The population is growing due to the rapid urbanisation of the continent. There are so many mouths to feed and Africa needs to explore diverse strategies and options to grow enough food for its people.
The promotion of indigenous small grains, wild food relatives and the consumption of an array of insects found on the continent need to be promoted.
Eating insects needs to be brought back into our mainstream diet as Africans to help tap into our rich diversity of edible insects.
Worldwide some 2 billion people consume insects and we as Africans should not shun this practise.
Africa has the richest diversity of edible insects than anywhere else in the world.
Here in Zimbabwe, we have a diverse range of edible insects that include amacimbi/ madora, ishwa, locusts, grasshoppers, crickets, harurwa and numerous others.
These edible insects are harvested from the wild and are rich in proteins and other micro-nutrients.
More needs to be done to promote the understanding of, and knowledge of edible indigenous insects.
Africans need to change their attitudes towards the consumption of wild food options.
Apart from edible insects, Africa still holds a rich and diverse stock of indigenous vegetables.
In Zimbabwe, we have indigenous vegetables such as tsunga, nyevhe, mutsine, derere rebupwe, regusha, rename and renyunje and indigenous crop varieties like sorghum, pearl and finger millets, cowpeas, taro, madhumbe and bambara nuts.
These are now seen as neglected and under-utilised crop species (NUS) which farmers and public health experts argue are important in improving the nutrition of people, particularly now when there is a rise in non-communicable diseases such as cancers and diabetes.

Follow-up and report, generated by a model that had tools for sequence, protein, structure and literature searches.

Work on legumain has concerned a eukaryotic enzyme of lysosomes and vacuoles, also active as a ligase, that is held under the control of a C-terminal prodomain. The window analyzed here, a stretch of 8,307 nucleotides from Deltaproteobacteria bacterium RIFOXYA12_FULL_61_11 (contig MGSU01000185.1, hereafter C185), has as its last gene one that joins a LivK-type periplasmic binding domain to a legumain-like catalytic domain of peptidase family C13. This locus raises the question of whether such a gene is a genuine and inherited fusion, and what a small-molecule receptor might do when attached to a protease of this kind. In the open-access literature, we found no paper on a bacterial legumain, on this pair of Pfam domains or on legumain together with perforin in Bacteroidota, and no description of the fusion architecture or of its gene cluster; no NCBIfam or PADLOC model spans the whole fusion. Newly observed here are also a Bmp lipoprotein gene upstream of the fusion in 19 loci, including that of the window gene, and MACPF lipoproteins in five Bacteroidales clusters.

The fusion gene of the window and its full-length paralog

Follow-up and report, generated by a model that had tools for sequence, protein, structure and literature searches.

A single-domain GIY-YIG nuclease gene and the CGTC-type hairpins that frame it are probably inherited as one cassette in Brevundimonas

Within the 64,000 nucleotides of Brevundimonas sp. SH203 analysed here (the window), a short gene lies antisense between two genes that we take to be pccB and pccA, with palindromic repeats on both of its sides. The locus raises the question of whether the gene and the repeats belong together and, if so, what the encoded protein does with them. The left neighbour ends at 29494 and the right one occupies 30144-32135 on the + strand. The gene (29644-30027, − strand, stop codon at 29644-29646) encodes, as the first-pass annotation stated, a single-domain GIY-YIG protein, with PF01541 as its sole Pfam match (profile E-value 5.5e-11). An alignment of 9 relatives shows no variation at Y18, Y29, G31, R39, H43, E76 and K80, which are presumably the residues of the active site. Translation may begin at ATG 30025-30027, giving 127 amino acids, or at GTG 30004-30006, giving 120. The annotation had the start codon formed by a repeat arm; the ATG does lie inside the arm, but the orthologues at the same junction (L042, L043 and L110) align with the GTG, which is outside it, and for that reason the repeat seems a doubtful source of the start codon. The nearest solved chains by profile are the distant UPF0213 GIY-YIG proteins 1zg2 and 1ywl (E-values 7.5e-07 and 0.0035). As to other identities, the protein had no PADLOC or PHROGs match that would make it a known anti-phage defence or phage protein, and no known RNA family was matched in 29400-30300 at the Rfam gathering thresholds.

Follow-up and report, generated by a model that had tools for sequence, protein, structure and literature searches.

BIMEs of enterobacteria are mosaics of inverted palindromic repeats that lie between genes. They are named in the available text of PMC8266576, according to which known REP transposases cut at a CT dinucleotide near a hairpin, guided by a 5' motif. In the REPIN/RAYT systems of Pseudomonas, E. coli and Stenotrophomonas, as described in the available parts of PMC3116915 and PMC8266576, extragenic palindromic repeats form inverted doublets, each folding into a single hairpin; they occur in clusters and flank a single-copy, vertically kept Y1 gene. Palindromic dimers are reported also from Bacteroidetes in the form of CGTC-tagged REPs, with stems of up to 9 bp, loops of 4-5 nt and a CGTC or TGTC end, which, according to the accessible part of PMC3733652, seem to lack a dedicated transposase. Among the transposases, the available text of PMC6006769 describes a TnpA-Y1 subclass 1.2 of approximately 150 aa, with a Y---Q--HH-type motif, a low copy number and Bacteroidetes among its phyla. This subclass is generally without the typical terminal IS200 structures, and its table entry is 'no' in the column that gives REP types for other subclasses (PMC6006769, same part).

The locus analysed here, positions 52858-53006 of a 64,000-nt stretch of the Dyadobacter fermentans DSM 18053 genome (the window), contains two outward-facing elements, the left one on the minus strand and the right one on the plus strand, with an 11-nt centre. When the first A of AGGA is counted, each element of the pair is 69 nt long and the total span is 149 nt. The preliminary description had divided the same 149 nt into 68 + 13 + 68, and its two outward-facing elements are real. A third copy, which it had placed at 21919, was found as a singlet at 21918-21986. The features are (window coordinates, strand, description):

We need to reclaim and use indigenous food to break dependence on commercial varieties and food imports and to counter the effects climate change and hunger crises.
Our African traditional foods are nutritious and good for our bodies. They improve our health. We should not be apologetic about this. We and our children should be proud about this.”
Heavy reliance on maize, Zimbabwe’s staple, has brought distress, particular in drought prone districts.
Most farmers who relied on commercial seeds do not harvest enough as a result of their unsuitability to areas with marginal soils.
But those who plant small grains have something to put on their table.
As Africans we have to preserve indigenous varieties to enhance household food security and climate change resilience.
Indigenous crop varieties are being lost at an alarming rate leading to an irretrievable loss of options to ensure food and nutrition security in the country.
Indigenous vegetables are still seen as poverty crops. They are still seen as food for the poor, the lower class.
We need to change our mentality and attitudes towards indigenous food if we are serious about promoting traditional vegetables.
African countries need to mobilise resources to conduct extensive research on indigenous vegetables to develop new breeds that could meet new demands for taste and other properties.
In addition, we need to explore ways to prepare tasty and appealing indigenous vegetable dishes so that our young people can eat them as well.
As we move towards the 60th jubilee of the founding of the AU, we need to think more and to grow what we eat. Food security matters most.